The largest and most populous continent, Asia houses a rapidly growing and increasingly complex economy. With so many languages, cultures, mythologies, literatures, religions, art forms and political histories, Asia is an endlessly fascinating destination for the culturally curious.

Legal Market

As a huge economic centre, Asia – especially Beijing, Shanghai, Hong Kong, Tokyo and Singapore – offer a lot of complex and challenging legal work. We are now in what has been dubbed the Asian century and most international law firms see their major growth in Asia and see Asia as often the most important profit centre for the firm in the next few years.


Compensation packages are very generous, which combined with often very low rates of tax (eg Hong Kong and Singapore), mean that lawyers can afford to live centrally and explore the extraordinary world at their doorstep.


Though overseas lawyers are welcomed and visas easy to obtain, you will be required to obtain an employer sponsored visa before you start work in Asia. Requirements vary from country to country and you will need to speak with the relevant authorities to obtain the latest visa information. Visas are currently being granted very quickly for Hong Kong and Singapore, in some cases the turnaround time can be two weeks.

You should always rely on your own up to the minute enquiries with the relevant immigration authorities and / or legal advice in relation to obtaining a valid work visa

More detailed information on visas for Singapore can be found at Contact Singapore.
More detailed information on visas for Hong Kong can be found at the Hong Kong Immigration Department.


Requirements vary depending on the jurisdiction. For example, in Hong Kong, you must have at least 2 years post-admission experience and pass the Overseas Lawyers’ Qualification Examination (OLQE). You should check requirements with the relevant law society in the jurisdiction in which you are interested in.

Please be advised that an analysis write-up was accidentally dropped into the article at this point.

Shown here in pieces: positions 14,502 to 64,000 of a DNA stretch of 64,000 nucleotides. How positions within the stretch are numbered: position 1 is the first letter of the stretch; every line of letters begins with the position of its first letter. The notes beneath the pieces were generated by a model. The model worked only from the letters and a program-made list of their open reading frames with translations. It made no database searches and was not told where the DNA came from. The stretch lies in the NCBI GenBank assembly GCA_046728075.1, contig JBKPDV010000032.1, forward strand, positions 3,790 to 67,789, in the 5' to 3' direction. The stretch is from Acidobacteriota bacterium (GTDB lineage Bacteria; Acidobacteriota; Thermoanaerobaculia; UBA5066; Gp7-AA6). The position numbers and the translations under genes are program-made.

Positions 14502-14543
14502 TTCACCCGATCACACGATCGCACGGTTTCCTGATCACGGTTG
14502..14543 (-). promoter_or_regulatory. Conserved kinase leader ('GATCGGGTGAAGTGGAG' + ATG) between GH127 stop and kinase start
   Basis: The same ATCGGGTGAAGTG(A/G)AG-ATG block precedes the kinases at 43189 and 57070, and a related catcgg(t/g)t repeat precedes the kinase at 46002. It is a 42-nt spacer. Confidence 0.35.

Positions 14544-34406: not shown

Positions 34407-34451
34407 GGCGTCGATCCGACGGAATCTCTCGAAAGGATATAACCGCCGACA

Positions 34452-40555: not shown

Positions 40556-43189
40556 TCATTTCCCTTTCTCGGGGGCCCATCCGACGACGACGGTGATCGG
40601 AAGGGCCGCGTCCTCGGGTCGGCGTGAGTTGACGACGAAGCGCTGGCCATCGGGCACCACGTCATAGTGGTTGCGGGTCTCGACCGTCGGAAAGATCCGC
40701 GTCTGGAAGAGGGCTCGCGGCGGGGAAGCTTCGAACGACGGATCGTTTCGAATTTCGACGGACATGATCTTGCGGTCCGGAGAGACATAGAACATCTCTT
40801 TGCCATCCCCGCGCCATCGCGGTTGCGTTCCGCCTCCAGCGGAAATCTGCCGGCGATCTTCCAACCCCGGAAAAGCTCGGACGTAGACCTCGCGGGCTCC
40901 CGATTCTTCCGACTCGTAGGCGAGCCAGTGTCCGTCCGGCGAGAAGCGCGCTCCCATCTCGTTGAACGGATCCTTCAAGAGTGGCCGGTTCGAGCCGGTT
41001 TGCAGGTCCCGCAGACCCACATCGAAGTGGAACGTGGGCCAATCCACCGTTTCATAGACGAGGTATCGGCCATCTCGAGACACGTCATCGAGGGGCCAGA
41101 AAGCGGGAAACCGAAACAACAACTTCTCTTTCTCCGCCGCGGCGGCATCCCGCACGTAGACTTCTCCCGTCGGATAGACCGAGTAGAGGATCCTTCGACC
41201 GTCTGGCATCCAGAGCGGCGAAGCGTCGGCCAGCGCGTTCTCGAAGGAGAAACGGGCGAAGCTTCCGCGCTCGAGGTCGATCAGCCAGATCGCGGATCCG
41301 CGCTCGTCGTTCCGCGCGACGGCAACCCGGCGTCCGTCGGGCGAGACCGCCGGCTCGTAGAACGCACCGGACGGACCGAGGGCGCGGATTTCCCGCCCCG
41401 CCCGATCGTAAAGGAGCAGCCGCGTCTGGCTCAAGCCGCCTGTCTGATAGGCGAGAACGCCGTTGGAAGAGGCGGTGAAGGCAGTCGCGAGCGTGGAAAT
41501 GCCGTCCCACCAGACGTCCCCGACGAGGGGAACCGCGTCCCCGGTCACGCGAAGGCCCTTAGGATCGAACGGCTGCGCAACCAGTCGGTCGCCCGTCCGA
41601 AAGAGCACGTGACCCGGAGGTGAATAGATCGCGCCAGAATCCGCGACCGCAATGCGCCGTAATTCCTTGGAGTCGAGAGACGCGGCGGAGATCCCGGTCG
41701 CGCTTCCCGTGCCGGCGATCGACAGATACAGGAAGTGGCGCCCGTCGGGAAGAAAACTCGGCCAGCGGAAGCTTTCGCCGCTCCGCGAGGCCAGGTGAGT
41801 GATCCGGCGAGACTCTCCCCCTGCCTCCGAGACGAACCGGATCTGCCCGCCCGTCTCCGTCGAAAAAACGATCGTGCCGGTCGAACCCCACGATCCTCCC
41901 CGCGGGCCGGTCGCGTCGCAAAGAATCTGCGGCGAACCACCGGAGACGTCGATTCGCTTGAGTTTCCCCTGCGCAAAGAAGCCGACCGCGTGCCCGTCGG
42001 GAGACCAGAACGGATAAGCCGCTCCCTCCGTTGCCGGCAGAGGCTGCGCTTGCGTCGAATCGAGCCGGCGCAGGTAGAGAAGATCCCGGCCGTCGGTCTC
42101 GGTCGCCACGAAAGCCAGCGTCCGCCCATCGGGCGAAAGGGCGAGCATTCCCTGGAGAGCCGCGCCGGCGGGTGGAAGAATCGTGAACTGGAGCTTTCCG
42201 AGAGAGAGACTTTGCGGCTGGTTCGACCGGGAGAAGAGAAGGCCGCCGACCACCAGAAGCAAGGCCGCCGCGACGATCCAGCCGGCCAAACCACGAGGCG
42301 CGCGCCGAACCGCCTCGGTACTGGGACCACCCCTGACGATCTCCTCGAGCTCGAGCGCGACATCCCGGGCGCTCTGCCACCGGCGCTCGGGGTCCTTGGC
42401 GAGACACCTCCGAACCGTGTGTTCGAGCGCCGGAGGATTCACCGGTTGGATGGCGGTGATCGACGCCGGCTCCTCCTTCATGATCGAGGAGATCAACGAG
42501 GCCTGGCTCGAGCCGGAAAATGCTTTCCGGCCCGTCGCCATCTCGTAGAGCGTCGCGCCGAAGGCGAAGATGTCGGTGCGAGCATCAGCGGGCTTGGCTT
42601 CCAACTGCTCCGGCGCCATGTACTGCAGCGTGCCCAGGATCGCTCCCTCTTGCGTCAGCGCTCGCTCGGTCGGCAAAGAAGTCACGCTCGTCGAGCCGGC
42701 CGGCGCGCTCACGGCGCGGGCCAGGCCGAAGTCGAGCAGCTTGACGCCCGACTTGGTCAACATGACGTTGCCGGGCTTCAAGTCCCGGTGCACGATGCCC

The Law Society of England and Wales website provides a wealth of valuable information of requalification in the Asian region.


In Singapore there are no language issues and nearly everyone speaks English (mostly as a first language). The culture is heavily influenced by India, Malaysia and China and so is culturally diverse and interesting and this mix heavily influences the culinary world. Having Chinese or Indonesian language skills is however a bonus in the workplace.

In Hong Kong language skills (particularly Mandarin) have become very important in the work place, and particularly for certain specialist areas of law which include Corporate / IPO transactions. However language skills are not required for all roles and certain practice groups do not require Chinese languages at all. Whilst Mandarin is increasingly more important in the workplace, the local language in Hong Kong is Cantonese, which is also a very valuable business tool In most places English is widely spoken or at least understood and you can get by easily, but learning a few words of Cantonese will go a long way.  

For lawyers wanting a very different and perhaps less western experience when working overseas, Japan and China offer very exciting opportunities. These centres really do suit those people who want to immerse themselves in Japanese or Chinese culture and language as well as learning how to operate in these business environments. Most roles in China do require business level Mandarin but this is not always the case and for some areas of law (e.g. Finance) most deals (undertaken by the international firms) are documented in English and Chinese skills are not always necessary.

Japanese is a real plus for any lawyer moving to Tokyo but is not always a requirement by law firms looking to hire lawyers for international work in Japan.